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June 29, 2014

The Tao of Tantrum. ~ Brooke Wichmann

Illustration: Lovelorn Poets/Flickr

Here we are, less than 5 seconds after stepping into the grocery store, in full-on tantrum mode.

I was aware that this could happen.

Although childless, I’ve witnessed my share of grocery store melt-downs from afar.

“That poor mother/father,” I’d think, as I quickly moved into the safety of the next aisle.

I, myself, had tormented my parents numerous times in this same way, realizing early in life that the embarrassment of a screaming child in public could make even the strongest of parents cower into purchasing delicious, neon-colored, high-fructose corn syrup concoctions against their will and better judgment.

Now here I was, on the receiving end. So, yes, I knew this was possible.

But, oh, I had such high hopes.

I had watched my friends’ two children (aged six and seven) for a few hours here and there, but now their parents were out of town and I was babysitting for two days.

It was the longest I’d ever consecutively watched them—or any children, for that matter.

I had many lovely visions of what we would do together, one of which included cooking up some fabulous dessert.

So, here we were at the grocery store. We’d happily pick out the ingredients, then we’d go home and make it together, and proudly eat it after dinner. Beautiful, no?

Instead, immediately upon stepping into the store, they spotted a toy car attached to a shopping cart that they both wanted to sit in. Except they couldn’t both fit.

Cue the melt-down of two children and all my idyllic dessert dreams.

My first reaction was to immediately try to make the yelling and crying stop.

Unfortunately, I had little idea of how to do this and my efforts had no effect.

After about five minutes of thrashing and whining they worked it out—kind of. One stayed in the toy car and started pretending to loudly shoot the surrounding fruits and veggies, while the other started pushing the cart into just about everything.

I felt frustrated and embarrassed. This wasn’t how this was supposed to go. They’re being too loud, too clumsy, too emotional, and too disruptive, etc. Stressed and anxious about what might happen next, and my own lack of control over it, I was tempted to turn around and just give up.

Then, suddenly, I had a thought:

“It is what it is.”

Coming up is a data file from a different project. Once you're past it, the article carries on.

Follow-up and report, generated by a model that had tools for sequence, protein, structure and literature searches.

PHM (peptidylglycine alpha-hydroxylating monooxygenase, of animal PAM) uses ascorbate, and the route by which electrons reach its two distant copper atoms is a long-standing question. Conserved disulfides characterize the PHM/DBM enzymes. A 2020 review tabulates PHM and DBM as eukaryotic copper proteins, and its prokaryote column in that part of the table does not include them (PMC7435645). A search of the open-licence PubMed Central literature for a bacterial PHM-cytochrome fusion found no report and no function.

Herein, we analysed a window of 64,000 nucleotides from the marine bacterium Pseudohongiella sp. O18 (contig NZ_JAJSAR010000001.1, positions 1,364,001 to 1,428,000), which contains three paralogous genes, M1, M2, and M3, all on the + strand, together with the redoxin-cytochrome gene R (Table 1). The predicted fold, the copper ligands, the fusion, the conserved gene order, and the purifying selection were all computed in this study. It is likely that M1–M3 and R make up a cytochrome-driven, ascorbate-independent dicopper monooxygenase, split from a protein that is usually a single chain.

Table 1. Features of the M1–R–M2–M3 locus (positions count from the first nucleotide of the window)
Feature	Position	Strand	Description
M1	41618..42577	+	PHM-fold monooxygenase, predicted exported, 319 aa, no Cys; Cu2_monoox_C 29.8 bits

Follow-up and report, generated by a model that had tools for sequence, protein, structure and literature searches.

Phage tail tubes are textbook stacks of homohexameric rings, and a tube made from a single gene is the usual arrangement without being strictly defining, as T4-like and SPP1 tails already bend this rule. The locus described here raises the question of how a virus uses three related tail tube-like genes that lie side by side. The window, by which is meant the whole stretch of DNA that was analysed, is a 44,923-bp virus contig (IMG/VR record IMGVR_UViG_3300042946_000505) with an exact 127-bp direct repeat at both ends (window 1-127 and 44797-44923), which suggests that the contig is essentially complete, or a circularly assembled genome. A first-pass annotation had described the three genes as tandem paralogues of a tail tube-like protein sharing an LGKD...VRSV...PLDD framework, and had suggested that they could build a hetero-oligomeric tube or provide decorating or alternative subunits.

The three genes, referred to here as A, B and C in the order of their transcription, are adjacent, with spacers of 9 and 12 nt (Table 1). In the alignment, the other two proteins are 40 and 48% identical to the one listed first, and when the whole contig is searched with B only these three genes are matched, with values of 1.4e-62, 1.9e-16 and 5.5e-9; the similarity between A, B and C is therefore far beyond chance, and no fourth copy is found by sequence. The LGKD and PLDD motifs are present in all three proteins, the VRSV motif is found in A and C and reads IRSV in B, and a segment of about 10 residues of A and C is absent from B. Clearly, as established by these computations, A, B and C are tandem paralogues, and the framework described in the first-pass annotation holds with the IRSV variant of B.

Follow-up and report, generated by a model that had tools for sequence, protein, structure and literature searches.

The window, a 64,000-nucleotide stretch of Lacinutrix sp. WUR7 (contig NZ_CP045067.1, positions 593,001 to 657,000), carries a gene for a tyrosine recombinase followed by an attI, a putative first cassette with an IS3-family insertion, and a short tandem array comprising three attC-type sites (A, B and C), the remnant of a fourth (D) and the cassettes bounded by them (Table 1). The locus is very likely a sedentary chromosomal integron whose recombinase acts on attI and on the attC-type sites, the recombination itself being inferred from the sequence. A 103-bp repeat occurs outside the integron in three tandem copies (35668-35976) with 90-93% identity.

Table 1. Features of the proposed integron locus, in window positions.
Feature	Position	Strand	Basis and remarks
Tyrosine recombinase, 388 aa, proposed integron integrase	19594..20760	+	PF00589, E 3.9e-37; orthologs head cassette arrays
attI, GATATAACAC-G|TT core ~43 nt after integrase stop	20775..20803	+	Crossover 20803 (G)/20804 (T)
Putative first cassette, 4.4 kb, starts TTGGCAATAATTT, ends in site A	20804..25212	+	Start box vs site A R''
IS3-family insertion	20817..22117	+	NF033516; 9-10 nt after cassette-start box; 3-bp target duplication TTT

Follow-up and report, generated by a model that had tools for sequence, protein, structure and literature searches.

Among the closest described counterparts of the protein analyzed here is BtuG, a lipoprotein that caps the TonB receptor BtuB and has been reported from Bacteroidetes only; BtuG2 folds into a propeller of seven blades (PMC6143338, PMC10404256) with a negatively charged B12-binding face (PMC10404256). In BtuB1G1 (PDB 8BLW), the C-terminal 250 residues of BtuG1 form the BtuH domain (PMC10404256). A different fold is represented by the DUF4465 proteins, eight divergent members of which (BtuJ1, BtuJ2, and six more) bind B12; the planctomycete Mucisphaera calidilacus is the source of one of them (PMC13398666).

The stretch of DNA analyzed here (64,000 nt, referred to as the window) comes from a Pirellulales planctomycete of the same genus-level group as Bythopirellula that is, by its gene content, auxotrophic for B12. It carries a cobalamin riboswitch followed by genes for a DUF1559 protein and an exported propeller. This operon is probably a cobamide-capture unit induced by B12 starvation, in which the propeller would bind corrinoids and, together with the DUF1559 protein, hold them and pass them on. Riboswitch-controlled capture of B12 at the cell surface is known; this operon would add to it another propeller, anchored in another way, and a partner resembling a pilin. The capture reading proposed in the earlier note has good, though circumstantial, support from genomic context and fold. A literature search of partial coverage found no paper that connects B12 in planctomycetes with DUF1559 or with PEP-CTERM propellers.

I realized could hold onto my previous expectations and make myself (and them) miserable by trying to force the shopping trip to be as smooth as I had hoped, and getting upset when it wasn’t.

Or, I could let go of my expectations of how this experience should be, and instead accept it as it is and just try to be fully present.

I chose the latter.

Almost immediately, I felt my body relax.

For the next 30 minutes—or 3 hours, I lost track of time—we slowly wandered the aisles, occasionally bumping into things, but doing no real damage. When destructive behavior arose, I talked to them about it and discussed consequences, and I was able to do so pretty calmly.

I wasn’t afraid of another melt-down. If it happened, it happened. We’d all survive.

I actually found myself starting to enjoy our little shopping trip.

Stepping back from my own desires, fears, and expectations, I could see the situation more clearly.

They were just kids being kids, trying to have fun, trying to navigate this new situation as best they could.

I could laugh at some of their more ridiculous behaviors (such as begging me to buy them an eight-pack of Gatorade), be patient with the hold-ups (we need to find a bathroom right now!), feel understanding and compassion for their feelings and desires and brush off the occasional cold glance or unreturned smile from another shopper (whatever).

The shopping trip was slower, louder and bumpier than I had wanted, but that was ok. There was value, joy and beauty to be had in what had actually happened.

I was rather amazed at the power of simple acceptance. What if I applied more of this kind of grocery-store-approach to my everyday life more often? What if we all did?

We spend our lives attempting to gain pleasure and avoid suffering. Suffering occurs for various reasons, one of which is things not going how we want them to.

Most of us have a particular idea of what should—or is supposed to—happen in our work, relationships, free time, etc. We can become very attached to these ideas, and have a hard time letting go of them. This can make us rigid and inflexible and disconnected from the present moment.

When we become overly attached to our ideas of how things should be, we become less responsive to, and appreciative of, things as they actually are.

When something happens other than what we wanted or expected, we may attempt to suppress or avoid it. As a result, we suffer not only from the unpleasantness of the situation, but also from all the added strain we put on ourselves.

While my Dad was dying from cancer, my feelings of sadness, anger and fear were so strong I was afraid I would be swallowed up by them and never find my way out. So, for a long time, I tried to fight and evade them.

Eventually, however, I became too exhausted to fight anymore.

Oddly enough, upon surrendering to the reality and pain of the situation, I found that my suffering became less intense and I had more energy and clarity to deal with what was.

The problem isn’t in wanting things to be a certain way.

It is in letting the reality in our heads overshadow the reality in front of us.

We miss opportunities—for learning, growth and yes, even joy.

So make your plans, have your hopes and expectations, but hold them lightly. Be willing to release them when they are no longer serving you and surrender to the unexpected opportunities that arise.

 

 

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Editor: Emily Bartran

Illustration: Lovelorn Poets/Flickr

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